italic ӕ in neogrotesque

andrej dienesandrej dienes Posts: 2
edited November 6 in Type Design Critiques
Hello,
I started working on italic for Cosan https://www.adtypo.com/fonts/cosan/ Although it's a helvetica-like font, I'd like to make italic as real as possible – that is rounded "e", elongated "f", single storey "a" and "g", etc. The problem is that the "ӕ" ligature would look exactly like "œ". I came up with such a solution, but it doesn't seem ideal, especially in a thin style looks strange. Do you have an idea? 

Comments

  • Nick ShinnNick Shinn Posts: 1,766
    edited November 6
    It might help to consider the question as one of definitions.

    “Neo-grotesque” describes either:
    • An historical genre of mid-century modern typefaces such as Helvetica and Folio
    • Any new type design in the broad grotesque style, that is clearly not quaint or a revival/renovation.

    Genotype or phenotype.

    So, if you are being authentic to the MCM genre, you need to have precedents, but if you are being innovative, the concerns are (1) legibility for specific language-users, and (2) harmony within your overall design.

    As there are almost no instances of languages in which æ and œ both appear or have semantic significance (this issue has been discussed before at Typedrawers), I would say don’t worry if your æ may be mistaken for œ.

    However, I would suggest that you first identify which languages contain æ in their alphabets and use it frequently (Danish?), and consider the work of type designers of those native languages as your benchmark.
  • K PeaseK Pease Posts: 120
    Your solution works, but if you don't like how it looks in thin weights, switching forms between weights is also valid. There are families that change the form of /g when they hit heavy.
    The approximately symmetrical "bow ribbon" form of æ is typical in "true italics" and does not need to directly reference the upright /a or the italic /a at all.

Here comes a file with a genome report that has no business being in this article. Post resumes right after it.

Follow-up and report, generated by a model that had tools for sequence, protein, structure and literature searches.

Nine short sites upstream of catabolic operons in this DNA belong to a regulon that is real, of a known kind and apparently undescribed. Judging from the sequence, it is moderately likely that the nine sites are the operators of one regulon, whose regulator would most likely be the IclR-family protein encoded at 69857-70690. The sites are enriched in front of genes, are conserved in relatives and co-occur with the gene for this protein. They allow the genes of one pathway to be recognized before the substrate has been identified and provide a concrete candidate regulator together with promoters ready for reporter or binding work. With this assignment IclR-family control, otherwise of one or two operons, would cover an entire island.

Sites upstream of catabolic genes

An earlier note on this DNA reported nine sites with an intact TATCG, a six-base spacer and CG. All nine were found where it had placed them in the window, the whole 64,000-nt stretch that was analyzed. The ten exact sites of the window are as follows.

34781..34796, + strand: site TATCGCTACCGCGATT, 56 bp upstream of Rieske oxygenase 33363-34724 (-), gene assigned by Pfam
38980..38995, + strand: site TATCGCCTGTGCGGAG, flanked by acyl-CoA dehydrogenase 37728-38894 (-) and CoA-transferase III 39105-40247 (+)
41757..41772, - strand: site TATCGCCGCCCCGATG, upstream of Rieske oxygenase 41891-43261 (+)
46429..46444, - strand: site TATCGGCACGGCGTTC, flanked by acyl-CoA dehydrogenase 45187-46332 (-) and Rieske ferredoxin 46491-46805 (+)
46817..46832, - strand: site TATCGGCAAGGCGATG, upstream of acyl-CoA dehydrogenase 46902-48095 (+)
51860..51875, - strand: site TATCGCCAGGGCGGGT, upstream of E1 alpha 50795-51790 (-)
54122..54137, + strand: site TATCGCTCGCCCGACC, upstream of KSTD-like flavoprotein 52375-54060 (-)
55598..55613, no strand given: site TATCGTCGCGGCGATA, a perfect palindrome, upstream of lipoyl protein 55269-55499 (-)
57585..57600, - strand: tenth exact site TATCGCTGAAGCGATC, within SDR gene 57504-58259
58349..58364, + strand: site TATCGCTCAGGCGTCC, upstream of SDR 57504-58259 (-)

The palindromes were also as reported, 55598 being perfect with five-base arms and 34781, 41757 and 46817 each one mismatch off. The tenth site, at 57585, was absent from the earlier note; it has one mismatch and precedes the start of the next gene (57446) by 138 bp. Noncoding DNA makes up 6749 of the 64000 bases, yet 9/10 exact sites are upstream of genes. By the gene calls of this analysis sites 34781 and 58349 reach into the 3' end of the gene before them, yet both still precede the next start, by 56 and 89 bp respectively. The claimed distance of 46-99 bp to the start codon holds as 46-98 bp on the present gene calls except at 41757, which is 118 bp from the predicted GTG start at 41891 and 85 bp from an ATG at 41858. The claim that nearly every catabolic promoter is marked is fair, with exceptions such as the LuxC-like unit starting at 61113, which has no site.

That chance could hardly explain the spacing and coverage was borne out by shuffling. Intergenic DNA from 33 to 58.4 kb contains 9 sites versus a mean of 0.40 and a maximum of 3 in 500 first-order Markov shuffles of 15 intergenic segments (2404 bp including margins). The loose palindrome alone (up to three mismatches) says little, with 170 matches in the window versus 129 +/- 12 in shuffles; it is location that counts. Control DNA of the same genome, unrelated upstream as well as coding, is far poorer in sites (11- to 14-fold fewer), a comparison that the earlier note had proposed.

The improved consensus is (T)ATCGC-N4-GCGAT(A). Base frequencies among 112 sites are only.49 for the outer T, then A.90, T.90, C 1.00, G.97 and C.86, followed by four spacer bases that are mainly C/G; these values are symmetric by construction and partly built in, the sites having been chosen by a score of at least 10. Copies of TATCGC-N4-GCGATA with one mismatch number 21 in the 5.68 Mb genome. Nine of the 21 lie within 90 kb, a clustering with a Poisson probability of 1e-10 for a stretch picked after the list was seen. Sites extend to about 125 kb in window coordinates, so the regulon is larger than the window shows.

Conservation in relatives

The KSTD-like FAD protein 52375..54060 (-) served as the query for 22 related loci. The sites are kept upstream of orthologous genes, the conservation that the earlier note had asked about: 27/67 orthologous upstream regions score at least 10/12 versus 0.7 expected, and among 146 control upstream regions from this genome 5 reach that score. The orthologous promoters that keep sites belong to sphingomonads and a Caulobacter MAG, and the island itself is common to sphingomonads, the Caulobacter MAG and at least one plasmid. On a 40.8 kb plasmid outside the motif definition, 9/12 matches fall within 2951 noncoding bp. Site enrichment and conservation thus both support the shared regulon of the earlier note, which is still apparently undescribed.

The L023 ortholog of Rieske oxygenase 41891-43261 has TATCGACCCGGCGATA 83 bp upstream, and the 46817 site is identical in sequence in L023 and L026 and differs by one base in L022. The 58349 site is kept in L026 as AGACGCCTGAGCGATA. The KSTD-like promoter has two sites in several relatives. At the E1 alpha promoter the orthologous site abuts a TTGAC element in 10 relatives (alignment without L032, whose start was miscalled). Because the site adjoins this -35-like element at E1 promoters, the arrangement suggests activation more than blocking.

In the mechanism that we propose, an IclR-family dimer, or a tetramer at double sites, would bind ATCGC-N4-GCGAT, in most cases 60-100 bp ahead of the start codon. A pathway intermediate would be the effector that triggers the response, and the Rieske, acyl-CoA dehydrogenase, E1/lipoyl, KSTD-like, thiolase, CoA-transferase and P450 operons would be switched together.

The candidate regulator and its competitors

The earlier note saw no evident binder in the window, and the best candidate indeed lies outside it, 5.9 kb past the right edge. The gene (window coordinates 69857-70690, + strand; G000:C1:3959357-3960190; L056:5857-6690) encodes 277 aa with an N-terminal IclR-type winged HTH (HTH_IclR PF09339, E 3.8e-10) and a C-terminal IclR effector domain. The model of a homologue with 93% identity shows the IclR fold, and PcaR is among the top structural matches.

• Thank you all for your comments. This is not a revival, so I can afford a slightly non-standard solution. And such a compromise has occurred to me – to make the upper part more like "e" and the lower part more like "a". The contrasted version shows it best. Although it is a bit weird, I think it is acceptable (it does not attract as much attention as the previous design). 

    • Futura's solution certainly works, but it doesn't make a logical sense.
    • Avantgarde's solution would completely kill the letter "e" in the contrasted version.



  • jeremy tribbyjeremy tribby Posts: 77
    edited November 7

    • Futura's solution certainly works, but it doesn't make a logical sense.
    • Avantgarde's solution would completely kill the letter "e" in the contrasted version.


    I think the logic behind futura's solution is that it does work 😅
    the avant garde solution works at light weights where it's not too hard to fit that stem in. tougher at heavier weights

    I think your solution works fine. the lean of the two letters (/a and /e if separated out) feels slightly different maybe. it's subtle. I would think a bit about stroke order. your high contrast example above implies a construction like this (or maybe the first stroke doesnt branch so it's 4 strokes total)

    but to me that might make the /a a little heavy where I've marked it in red?




    just food for thought! nice work

  • Obligatory: Bram De Does' sketch for œ and æ in Lexicon.
    From this article, which delves into the subject of separating the two.


  • K PeaseK Pease Posts: 120
    What you're doing to the e on that stem now is giving the impression of an R of some kind. Very weird to read. I honestly think it's not a good choice. At best, the disambiguation is weak in low contrast because we mostly read along the tops of words.
  • Craig EliasonCraig Eliason Posts: 1,176
    The stemmy /ae is one of the (many) things I dislike about Avant Garde, FWIW. I'd echo the votes above for the two-story solution.
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